more» 
17 October 2014
 
 
Outsourcing Makes Us Richer
by Robert P. Murphy
 sub-topic» General

The logic of free trade is irresistible once a person takes the first step on its path. By effectively paying foreign workers with US dollars when they send us TVs, clothes, and other goods, we give them the purchasing power to buy American exports such as wheat and aircraft components. The opposite holds as well: If American consumers reduce their purchases of foreign-made TVs and other goods, then those foreigners will cut back on their purchases of American wheat and so forth. Ultimately, the video’s suggestion to “buy American” won’t create more American jobs in total, but instead will merely rearrange employment among sectors, making Americans poorer in the process.

 more» 
03 October 2014
 
 
Very Dry Water, Hard-Frozen Fire, and the Ostentatiously Invisible Rich
by Don Boudreaux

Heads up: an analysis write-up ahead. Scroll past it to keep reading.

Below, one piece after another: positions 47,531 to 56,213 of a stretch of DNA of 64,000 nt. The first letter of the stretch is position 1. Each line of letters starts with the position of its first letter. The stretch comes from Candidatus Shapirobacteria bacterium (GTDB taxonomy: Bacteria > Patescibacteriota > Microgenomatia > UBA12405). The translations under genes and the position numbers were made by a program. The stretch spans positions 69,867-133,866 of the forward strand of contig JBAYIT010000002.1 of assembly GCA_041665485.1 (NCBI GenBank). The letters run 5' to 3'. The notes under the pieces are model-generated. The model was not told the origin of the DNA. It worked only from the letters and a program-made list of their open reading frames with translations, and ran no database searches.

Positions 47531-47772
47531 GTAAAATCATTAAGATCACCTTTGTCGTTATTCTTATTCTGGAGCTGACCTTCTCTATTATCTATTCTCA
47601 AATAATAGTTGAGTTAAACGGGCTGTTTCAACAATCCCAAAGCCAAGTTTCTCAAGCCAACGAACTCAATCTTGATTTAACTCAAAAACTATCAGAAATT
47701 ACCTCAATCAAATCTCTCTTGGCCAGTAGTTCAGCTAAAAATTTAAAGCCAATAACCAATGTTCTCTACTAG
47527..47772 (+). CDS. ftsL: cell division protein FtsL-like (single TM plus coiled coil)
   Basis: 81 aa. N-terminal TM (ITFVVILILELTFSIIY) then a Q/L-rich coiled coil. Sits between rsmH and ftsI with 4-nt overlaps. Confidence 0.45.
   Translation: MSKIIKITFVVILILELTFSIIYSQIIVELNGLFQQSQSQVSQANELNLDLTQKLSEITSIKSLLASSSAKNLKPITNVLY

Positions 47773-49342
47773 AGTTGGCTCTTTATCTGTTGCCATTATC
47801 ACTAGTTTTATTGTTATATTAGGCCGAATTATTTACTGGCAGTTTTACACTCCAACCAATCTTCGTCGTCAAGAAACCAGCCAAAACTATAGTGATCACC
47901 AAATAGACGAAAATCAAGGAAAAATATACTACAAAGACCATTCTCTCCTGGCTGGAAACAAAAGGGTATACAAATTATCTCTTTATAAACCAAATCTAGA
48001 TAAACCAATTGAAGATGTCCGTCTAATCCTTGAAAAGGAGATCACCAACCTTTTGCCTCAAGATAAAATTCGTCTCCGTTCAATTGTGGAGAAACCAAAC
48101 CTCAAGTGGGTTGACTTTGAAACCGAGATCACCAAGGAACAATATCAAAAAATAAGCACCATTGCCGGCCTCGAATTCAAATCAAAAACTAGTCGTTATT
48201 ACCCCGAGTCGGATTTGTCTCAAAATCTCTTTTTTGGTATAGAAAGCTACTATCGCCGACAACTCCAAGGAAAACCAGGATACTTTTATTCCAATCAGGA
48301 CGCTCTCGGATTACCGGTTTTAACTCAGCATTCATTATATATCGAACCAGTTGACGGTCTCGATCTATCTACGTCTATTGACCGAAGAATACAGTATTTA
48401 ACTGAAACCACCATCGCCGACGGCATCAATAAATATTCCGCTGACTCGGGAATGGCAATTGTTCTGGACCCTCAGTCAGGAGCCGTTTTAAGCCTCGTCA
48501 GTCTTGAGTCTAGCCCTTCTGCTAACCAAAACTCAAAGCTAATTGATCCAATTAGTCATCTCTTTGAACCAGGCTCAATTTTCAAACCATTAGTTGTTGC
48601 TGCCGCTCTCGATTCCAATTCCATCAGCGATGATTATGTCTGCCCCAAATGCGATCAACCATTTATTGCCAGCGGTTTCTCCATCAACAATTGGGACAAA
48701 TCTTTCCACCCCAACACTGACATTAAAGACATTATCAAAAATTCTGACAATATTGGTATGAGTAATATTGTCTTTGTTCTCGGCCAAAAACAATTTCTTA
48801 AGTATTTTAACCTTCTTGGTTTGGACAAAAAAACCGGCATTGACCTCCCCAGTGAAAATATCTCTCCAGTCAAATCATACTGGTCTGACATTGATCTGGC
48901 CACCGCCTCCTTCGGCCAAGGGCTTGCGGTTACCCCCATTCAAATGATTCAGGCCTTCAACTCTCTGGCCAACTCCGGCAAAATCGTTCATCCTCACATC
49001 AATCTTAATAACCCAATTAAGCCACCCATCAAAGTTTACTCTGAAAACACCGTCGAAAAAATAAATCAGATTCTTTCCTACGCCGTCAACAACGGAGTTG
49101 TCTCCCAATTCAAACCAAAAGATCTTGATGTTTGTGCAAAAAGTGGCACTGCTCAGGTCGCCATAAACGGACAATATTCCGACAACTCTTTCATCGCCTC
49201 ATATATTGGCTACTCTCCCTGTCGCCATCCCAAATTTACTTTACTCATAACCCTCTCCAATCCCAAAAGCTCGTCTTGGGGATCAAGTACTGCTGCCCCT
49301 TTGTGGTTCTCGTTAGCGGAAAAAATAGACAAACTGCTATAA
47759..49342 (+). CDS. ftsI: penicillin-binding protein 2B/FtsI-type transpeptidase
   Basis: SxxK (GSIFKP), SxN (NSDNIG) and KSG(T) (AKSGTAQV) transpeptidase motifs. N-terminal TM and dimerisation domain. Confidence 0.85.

sub-topic» General

In his New York Times blog on Wednesday - in a post entitled “Having It and Flaunting It” – Paul Krugman complained that America’s rich are obsessed with exhibiting their wealth in the form of “ostentatious” consumption. Indeed, Mr. Krugman asserted that “for many of the rich flaunting is what it’s all about…. [I]t’s largely about display.” And this display, Mr. Krugman alleged, “imposes negative externalities on the rest of the population.”

A mere five days later, in his New York Times column today - a column entitled “Our Invisible Rich” – Mr. Krugman gripes that the reason more Americans aren’t infuriated by today’s great income inequality is that “the truly rich are so removed from ordinary people’s lives that we never see what they have.”

 more» 
22 September 2014
 
 
Top-Rated Economies of the World Are Not By Coincidence
by Lawson Bader
 sub-topic» General

But perhaps most impressive is Hong Kong’s growth—not in people or buildings, but in actual land surface. In 1987 I walked along the Kowloon Peninsula Hotel’s harbor promenade. Since then, the city has reclaimed from the water nearly three city blocks in its desire to grow. Now, the Peninsula, while still a grand property, has only an urban promenade out its front door. On most economic freedom indexes, Hong Kong is king—among the top-rated economies in the world for the past 20 years. And it’s no wonder. Creative destruction, not whimsical history, is its modus operandi.